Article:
It’s a gothic church and one of the most prominent site in the Old Town. More officially it’s known as the Church of Mother of God before Tyn or Church of Our Lady before Tyn. The building looks a bit surreal, like taken from a fairy tale. It stands out from the rest of nearby structures and it’s easy to be seen from every corner of Prague’s center.
OLD TOWN SQUARE
Lively square in the center of the Old Town. It’s situated next to mentioned Tyn Church and it’s a good place to rest for a while and admire the colorful architecture of the historical surrounding.
On the opposite side of the Old Town Square and exactly on the wall of Old Town Hall you will find huge astronomical clock – one of the most known this kind of costruction in the world. It’s important part of the Czech history as the clock exists from 15th century! Every hour it attracts many tourists watching a short animation of 12 Apostles’ figures in motion.
It’s the official residence of the President of the Czech Republic and according to Guinness Book of Records – the world’s largest castle. Also in this area there’s the gothic St Vitus Cathedral. The entrance to the area of castle and inside of the cathedral is free of charge. However, if you want to explore the castle much deeper you need to pay. A basic ticket (circuit B) costs 250 CZK (for students 125 CZK) and includes visiting Old Royal Palace and a few extra spots.
Sleeping, Eating, Safety and Other Tips
Really surprising can be the fact that accommodation in Prague is quite cheap – double rooms can be found for 550 CZK or even a bit less! What’s more, prices for a bed in hostels’ dorms are ridiculously low – sometimes 125-140 CZK for a night! Definitely lodging won’t harm your wallet there :)
Dining in Prague needs to be divided into two parts in the center (Old Town) and out of it. We noticed that prices for dishes in the Old Town are twice or more expensive than in restaurants just 10 minutes from touristic streets.
One day we decided to try a pizza in a small takeaway called Pizza-Gyros. It’s a 24/7 fast food 10-15 minutes walk from the Old Town, just next to Quadrio shopping mall. They serve small pizzas for 110-119 CZK and big ones for 156 CZK. We loved it so much that we came back there the next day. Pizza was really delicious and we encourage you to try it. It was also much cheaper than food served in restaurants near the Old Town, so it’s also a good idea to save some money this way.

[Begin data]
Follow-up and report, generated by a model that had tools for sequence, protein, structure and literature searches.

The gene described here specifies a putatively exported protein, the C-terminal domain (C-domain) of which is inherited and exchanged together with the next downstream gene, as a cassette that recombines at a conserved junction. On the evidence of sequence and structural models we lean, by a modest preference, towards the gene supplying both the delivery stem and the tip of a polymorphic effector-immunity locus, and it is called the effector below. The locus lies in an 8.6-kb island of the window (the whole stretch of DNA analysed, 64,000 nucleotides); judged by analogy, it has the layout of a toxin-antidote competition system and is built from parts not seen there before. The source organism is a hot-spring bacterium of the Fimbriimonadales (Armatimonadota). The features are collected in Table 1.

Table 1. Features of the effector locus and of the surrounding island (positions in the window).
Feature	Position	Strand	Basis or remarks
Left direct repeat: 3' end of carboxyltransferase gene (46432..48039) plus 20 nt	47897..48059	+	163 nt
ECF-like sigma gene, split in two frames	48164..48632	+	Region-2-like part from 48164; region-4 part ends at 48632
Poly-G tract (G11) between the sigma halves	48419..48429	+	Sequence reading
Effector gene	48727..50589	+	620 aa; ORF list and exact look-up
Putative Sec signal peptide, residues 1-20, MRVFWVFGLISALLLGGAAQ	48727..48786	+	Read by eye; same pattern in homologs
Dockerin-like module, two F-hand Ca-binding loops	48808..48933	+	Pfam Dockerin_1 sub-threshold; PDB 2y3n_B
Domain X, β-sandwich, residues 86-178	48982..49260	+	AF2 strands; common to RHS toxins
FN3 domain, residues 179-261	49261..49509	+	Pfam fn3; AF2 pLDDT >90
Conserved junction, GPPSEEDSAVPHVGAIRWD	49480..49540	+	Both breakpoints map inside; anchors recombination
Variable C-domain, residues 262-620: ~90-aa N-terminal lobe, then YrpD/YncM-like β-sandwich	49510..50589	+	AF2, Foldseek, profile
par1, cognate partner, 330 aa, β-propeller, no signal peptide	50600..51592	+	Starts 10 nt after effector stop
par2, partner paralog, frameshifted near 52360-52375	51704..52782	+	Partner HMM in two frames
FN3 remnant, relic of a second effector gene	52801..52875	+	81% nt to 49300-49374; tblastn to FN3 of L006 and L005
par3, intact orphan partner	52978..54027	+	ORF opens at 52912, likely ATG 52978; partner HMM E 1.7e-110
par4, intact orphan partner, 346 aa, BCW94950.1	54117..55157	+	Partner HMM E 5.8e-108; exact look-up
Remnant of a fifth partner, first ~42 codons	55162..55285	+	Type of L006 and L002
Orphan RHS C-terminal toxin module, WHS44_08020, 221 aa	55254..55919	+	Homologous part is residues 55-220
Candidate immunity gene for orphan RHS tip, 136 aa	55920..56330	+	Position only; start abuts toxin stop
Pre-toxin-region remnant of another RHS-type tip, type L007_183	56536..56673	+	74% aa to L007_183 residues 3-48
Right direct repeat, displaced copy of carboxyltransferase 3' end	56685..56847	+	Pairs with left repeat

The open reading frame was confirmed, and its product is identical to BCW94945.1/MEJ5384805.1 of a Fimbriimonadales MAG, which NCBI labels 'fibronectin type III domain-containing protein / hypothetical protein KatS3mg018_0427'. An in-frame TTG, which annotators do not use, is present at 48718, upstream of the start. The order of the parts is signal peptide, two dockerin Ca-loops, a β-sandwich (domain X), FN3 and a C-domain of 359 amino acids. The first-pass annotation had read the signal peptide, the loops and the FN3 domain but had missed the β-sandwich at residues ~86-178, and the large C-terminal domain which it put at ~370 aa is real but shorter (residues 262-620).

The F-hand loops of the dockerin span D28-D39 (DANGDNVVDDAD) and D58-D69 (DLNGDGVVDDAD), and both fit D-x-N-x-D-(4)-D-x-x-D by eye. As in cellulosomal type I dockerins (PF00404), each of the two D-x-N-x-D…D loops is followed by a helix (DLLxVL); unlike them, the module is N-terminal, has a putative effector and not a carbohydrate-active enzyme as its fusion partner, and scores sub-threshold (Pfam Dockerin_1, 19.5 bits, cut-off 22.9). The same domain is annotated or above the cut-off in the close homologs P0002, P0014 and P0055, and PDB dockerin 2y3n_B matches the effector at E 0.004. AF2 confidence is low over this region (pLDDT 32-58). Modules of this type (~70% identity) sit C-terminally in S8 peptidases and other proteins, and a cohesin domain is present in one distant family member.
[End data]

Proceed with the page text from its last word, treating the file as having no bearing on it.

For a dessert there’s a place, which is a must-see for all food lovers. Very close to Charles Bridges you’ll find Good Food Coffee & Bakery. They are famous for their incredibly delicious chimneys. It’s a spit cake, locally known as a trdelnik that can be topped with different fillings. Its price vary from 60 to 129 CZK (approx. $2.5 – $5). We tried one with an ice cream (the most expensive). Believe us – this flavor is not to be forgotten.
Unfortunately, there are many pickpockets in Prague, especially in the metro. Lots of warning signs hanging in public communication will remind you about that.
In popular spots you will find scam artists, which nicely offer taking photos to tourists and then rudely and firmly demand much money for it from unsuspecting people. We saw such situations on the way to the Charles Bridge, where two guys were offering pics with colorful pigeons.
About horrible taxi drivers we mentioned above in the section How to get around Prague – you must check it out!
How Much Does It Cost ? (Per Person)
coaches Vienna-Prague-Warsaw: $29
public transport (6 x 24 CZK): approx. $6
accommodation: free – Couchsurfing
gift for couchsurfing host: $5 /2 persons = $2.5
TOTAL for the whole trip (2 days): $74
Spending for 1 day (food + sleeping + accommodation): $21
So if you are thinking about another trip and are not sure about the destination, here is our suggestion: beautiful Bratislava and its capital city. We hope that after reading our note you’re no longer wondering what to do in Prague. It’s a city that you can easily fall in love with :) And while being on the spot, don’t forget to try trdelnik! Do you feel encouraged now?